Overview

Distribution

Solanum acanthodapis is endemic to the extreme north-east of New South Wales, around Lismore. It grows in canopy-gaps in notophyll rainforest, usually on basaltic clay-loams, but also on meta-sediments. It is endemic to the area formerly covered by the Tweed Shield Volcano, centered on the plutonic complex of Mount Warning.

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Physical Description

Diagnostic Description

Formal Description

Habit

Prostrate, stoloniferous perennial shrub up to 0.3 m tall. Juvenile stage absent. Stems terete or ridged, brown, sparsely to densely stellate-pubescent, the stellae 0.2-0.35 mm in diameter, sessile, the lateral rays 7-8, porrect, the midpoints 0.5-1.5 times as long as lateral rays, eglandular; finger hairs absent; very short, gland-tipped hairs hairs absent; prickles straight, acicular, 3-7 mm long, 9-20 times longer than wide, 25-65 per dm.

Sympodial Structure

Sympodial units probably difoliate, the leaves geminate or not.

Leaves

Leaves simple, the blades 5.5-9.5 x 2.8-4.5 cm, 1.6-2.3 times as long as wide, elliptical or ovate, chartaceous, green and glabrous to sparsely stellate-pubescent adaxially, the stellate hairs confined to midrib; finger hairs absent; very short, gland-tipped hairs absent; prickles present on midvein and lateral veins, 20-60, straight, acicular, 2-8 mm long; green to white or yellowish and sparsely to very densely stellate-pubescent abaxially, the hairs spaced 0.05-0.25 mm apart, 0.25-0.35 mm in diameter, sessile, the lateral rays 7-8, porrect, the midpoints 0.2-0.8 times as long as lateral rays, eglandular; finger hairs absent; very short, gland-tipped hairs absent; prickles present on midvein and lateral veins, 10-30, straight, acicular; base cuneate or obtuse, the oblique part 0-5 mm long; margin entire or shallowly lobed throughout, the lobes 2-4 on each side, acute, lobing index 1-1.4; apex acute; petioles 1-1.7 cm long, 14-29% length of lamina, sparsely to densely stellate-pubescent, prickles present.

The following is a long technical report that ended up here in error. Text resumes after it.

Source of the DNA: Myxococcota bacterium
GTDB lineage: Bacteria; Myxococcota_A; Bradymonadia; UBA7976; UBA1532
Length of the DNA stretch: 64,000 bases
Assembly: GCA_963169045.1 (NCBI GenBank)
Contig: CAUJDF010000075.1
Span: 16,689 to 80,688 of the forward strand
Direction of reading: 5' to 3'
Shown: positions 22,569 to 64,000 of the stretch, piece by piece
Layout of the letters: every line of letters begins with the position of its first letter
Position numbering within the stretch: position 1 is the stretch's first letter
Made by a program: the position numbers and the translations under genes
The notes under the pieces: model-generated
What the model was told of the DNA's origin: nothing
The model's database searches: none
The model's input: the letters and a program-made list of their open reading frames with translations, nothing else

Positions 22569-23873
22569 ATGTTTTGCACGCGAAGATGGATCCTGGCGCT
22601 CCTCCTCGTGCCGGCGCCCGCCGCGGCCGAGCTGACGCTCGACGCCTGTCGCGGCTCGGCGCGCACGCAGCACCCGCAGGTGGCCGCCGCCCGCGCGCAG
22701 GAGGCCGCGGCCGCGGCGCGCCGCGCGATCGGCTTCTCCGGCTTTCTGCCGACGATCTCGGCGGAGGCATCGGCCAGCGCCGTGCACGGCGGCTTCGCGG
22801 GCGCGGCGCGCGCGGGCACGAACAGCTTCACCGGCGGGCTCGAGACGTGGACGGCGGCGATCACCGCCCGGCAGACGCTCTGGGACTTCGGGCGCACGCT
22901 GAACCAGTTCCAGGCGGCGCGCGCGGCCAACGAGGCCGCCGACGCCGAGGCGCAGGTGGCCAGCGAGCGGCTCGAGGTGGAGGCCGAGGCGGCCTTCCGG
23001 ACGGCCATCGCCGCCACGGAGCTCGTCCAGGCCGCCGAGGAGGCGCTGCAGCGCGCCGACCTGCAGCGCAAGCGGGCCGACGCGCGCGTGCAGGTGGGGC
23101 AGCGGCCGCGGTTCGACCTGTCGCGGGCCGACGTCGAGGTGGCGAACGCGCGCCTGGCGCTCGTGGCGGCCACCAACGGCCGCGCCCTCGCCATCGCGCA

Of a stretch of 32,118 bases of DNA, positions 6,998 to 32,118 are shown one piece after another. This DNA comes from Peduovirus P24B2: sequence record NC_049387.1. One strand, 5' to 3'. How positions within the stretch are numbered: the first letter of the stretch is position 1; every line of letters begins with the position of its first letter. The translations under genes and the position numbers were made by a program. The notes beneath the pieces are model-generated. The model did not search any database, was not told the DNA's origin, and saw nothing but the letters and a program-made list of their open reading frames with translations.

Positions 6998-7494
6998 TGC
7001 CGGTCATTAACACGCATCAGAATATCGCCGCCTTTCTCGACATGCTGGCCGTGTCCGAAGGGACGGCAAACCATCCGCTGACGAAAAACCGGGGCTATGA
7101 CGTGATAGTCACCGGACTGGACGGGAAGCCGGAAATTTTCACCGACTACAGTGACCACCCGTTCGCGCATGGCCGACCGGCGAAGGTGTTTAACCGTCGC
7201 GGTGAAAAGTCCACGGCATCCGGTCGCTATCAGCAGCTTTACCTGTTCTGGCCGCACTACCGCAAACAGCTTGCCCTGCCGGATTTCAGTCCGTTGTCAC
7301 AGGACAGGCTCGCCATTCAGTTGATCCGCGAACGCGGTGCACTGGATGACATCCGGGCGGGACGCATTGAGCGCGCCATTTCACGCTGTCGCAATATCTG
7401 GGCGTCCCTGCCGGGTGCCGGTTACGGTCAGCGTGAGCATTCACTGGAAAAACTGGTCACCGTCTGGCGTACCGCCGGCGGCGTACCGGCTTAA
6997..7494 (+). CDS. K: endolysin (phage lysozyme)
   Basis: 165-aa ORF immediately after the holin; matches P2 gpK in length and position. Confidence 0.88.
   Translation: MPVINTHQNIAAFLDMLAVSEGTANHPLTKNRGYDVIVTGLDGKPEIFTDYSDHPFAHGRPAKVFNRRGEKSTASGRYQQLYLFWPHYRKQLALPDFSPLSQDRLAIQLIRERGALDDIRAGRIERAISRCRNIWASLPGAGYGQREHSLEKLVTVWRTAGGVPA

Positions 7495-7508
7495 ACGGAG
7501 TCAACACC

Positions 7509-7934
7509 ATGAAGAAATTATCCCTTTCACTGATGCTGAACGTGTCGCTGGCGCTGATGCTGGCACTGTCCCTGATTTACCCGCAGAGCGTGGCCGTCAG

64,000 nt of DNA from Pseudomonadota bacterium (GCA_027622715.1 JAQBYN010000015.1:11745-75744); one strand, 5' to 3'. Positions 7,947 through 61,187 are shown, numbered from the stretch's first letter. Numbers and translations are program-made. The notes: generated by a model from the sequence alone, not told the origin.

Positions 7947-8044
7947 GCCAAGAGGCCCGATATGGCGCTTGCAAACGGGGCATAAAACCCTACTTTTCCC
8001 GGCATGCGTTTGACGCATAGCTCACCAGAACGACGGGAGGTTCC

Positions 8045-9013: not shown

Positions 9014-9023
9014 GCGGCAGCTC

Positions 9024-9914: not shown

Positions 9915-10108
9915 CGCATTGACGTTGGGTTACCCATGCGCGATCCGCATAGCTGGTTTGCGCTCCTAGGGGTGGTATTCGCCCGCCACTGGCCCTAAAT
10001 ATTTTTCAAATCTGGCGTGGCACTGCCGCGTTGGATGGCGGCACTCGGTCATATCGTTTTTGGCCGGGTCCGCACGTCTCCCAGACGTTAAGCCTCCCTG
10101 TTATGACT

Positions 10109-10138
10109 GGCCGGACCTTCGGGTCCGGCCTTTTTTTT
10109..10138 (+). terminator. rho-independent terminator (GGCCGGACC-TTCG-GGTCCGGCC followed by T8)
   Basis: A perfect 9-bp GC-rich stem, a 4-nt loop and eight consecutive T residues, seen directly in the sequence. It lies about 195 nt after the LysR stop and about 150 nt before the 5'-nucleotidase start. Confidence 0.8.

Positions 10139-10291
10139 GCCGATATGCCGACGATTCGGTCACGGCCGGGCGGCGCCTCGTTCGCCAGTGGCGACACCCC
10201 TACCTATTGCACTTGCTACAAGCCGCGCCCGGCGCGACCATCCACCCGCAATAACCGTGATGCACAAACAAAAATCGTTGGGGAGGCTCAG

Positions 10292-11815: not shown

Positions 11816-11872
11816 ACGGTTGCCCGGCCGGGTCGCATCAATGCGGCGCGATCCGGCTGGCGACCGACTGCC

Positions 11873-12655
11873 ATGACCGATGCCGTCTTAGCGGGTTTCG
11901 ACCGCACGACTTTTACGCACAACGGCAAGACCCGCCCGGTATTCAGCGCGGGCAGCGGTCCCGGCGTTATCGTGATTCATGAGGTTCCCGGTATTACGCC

Inflorescences

Inflorescence up to 1 cm long, extra-axillary, unbranched, pseudo-umbellate or pseudo-racemose, with 2-8 flowers, the plants strongly or weakly andromonoecious, the axes sparsely to densely stellate-pubescent, armed or unarmed; peduncle 0-0.7 cm; rachis 0.2-0.3 cm; pedicels 6-20 mm long in flower, 0.25-0.4 mm thick throughout, 21-30 mm long in fruit, ca. 0.8 mm thick, spaced 1-2 mm apart, articulated at the base.

Flowers

Flowers heterostylous, 5-merous. Calyx 5-6 mm long, the tube 2-3 mm long, the lobes 1.5-3.5 mm long, attenuate, moderately stellate-pubescent, the hairs transparent or purple, 0.2-0.3 mm across, sessile, the lateral rays 7-8, the midpoints 0.5-1 times as long as laterals, eglandular; finger hairs absent; very short, gland-tipped hairs absent; prickles present or absent, 0-5 per flower, 0.5-2 mm long; fruiting calyx with lobes less than half length of mature fruit, armed or unarmed. Corolla 1.5-2.5 cm in diameter, 8-12 mm long, shallowly lobed, with sparse interpetalar tissue, chartaceous, pinkish or purple, the tube 3-5 mm, the lobes 9-10 x 4-6 mm, narrowly triangular, moderately stellate-pubescent abaxially on center of lobes, glabrous adaxially and on interpetalar tissue. Stamens with filaments 0.5-1.5 mm; anthers 4-5 x 1-1.5 mm at base, narrowly ovate, slightly tapered, not or loosely connivent, yellow, the pores minute and directed distally. Ovary with very short, gland-tipped hairs on distal half; functional style 6-7.5 x 0.5-1 mm, cylindrical, glabrous or with very short, gland-tipped hairs at base; stigma capitate.